Journal of thoracic oncology: official publication of the International Association for the Study of Lung Cancer 08/2015; 10(8):1142-7. DOI:10.1097/JTO.0000000000000572 · 5.80 Impact Factor
  • [Show abstract] [Hide abstract]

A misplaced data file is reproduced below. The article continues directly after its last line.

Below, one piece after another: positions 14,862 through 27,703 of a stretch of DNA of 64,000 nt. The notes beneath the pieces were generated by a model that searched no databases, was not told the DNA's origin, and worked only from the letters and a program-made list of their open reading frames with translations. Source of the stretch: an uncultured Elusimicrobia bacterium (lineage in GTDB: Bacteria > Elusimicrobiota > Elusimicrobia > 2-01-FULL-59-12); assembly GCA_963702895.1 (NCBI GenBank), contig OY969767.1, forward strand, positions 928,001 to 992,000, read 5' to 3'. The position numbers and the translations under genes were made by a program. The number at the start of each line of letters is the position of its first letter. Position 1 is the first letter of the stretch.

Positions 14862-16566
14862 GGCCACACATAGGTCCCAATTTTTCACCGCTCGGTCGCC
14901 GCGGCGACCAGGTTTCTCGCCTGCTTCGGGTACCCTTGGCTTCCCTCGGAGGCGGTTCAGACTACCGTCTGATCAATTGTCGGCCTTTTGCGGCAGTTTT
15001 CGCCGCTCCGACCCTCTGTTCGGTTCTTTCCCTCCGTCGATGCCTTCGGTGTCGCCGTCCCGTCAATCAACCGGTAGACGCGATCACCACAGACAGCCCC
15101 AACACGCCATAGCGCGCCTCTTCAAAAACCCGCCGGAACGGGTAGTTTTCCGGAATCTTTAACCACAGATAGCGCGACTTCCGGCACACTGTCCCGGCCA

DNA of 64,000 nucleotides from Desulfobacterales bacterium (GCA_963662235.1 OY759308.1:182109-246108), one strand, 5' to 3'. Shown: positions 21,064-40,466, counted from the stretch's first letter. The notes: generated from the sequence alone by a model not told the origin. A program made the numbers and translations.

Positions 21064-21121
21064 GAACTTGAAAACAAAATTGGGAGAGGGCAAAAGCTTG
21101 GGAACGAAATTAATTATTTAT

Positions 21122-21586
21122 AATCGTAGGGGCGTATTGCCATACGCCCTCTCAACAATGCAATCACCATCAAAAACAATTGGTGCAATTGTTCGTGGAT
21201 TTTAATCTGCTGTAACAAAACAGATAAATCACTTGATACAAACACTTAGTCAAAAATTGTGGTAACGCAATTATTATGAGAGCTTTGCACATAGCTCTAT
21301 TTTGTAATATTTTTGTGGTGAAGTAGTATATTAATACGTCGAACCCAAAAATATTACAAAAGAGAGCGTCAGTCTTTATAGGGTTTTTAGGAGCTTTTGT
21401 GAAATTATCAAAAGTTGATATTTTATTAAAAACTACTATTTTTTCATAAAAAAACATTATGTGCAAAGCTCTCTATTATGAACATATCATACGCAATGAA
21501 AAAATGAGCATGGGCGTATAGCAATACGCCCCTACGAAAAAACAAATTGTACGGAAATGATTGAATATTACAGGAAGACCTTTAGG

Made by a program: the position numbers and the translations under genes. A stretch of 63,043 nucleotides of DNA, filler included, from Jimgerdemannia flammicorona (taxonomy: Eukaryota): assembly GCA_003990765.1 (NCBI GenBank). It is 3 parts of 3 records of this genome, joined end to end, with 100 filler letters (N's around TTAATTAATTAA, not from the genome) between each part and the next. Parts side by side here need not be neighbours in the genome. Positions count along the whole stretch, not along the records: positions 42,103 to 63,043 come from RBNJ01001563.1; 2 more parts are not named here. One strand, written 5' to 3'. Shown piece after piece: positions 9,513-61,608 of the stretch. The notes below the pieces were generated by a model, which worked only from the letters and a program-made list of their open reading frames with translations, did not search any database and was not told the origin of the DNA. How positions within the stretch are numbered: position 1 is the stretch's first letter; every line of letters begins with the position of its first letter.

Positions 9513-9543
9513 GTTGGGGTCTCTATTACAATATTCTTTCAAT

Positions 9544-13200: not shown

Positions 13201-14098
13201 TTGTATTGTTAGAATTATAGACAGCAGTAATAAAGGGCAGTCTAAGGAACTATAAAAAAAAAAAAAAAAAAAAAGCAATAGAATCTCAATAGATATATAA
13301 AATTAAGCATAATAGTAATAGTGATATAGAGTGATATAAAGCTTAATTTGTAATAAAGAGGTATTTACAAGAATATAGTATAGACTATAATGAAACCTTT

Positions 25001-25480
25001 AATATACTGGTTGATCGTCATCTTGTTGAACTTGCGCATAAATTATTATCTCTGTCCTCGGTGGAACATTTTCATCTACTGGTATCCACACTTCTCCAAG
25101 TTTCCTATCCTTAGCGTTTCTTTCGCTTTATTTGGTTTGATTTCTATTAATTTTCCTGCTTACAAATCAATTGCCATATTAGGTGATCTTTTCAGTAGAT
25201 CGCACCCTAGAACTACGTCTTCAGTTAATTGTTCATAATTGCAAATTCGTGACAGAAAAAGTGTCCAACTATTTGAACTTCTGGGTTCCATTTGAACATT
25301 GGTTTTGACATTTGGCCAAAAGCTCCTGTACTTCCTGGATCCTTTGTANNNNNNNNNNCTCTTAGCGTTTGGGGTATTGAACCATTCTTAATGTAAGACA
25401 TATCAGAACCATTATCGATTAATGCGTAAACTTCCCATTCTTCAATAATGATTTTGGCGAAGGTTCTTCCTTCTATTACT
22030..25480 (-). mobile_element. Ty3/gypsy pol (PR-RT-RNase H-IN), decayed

ABSTRACT: We previously reported that progression-free survival (PFS) may be a candidate surrogate end point for overall survival (OS) in first-line extensive-stage small-cell lung cancer (ES-SCLC) using data from three randomized trials (Foster, Cancer 2011). In this validation study (N0424-Alliance), we assessed the patient-level and trial-level surrogacy of PFS using data from seven new first-line phase II/III ES-SCLC trials and across all 10 trials as well (seven new, three previous). Individual patient data were utilized across the seven new trials (2259 patients) and all 10 trials (2855 patients). Patient-level surrogacy (Kendall's τ) was assessed using the Clayton copula bivariate survival model. Trial-level surrogacy was assessed through association of the log hazard ratios on OS and PFS across trials, including weighted (by trial size) least squares regression (WLS R) of Cox model effects and correlation of the copula effects (copula R). The minimum effect on the surrogate (MES) needed to detect a nonzero treatment effect on OS was also calculated. The median OS and PFS across all 10 trials were 9.8 and 5.9 months, respectively. PFS showed strong surrogacy within the 7 new trials (copula R = 0.90 [standard error = 0.27], WLS R = 0.83 [95% confidence interval: 0.43, 0.95]; MES = 0.67, and Kendall's τ = 0.58) and across all 10 trials (copula R = 0.81 [standard errors = 0.25], WLS R = 0.77 [95% confidence interval: 0.47-0.91], MES = 0.70, and Kendall's τ = 0.57). PFS demonstrated strong surrogacy for OS in first-line ES-SCLC based on this external validation study of individual patient data. PFS is a good alternative end point to OS and should be considered when resource constraints (time or patient) might make it useful or desirable in place of OS. Additional analyses are needed to assess its appropriateness for targeted agents in this disease setting.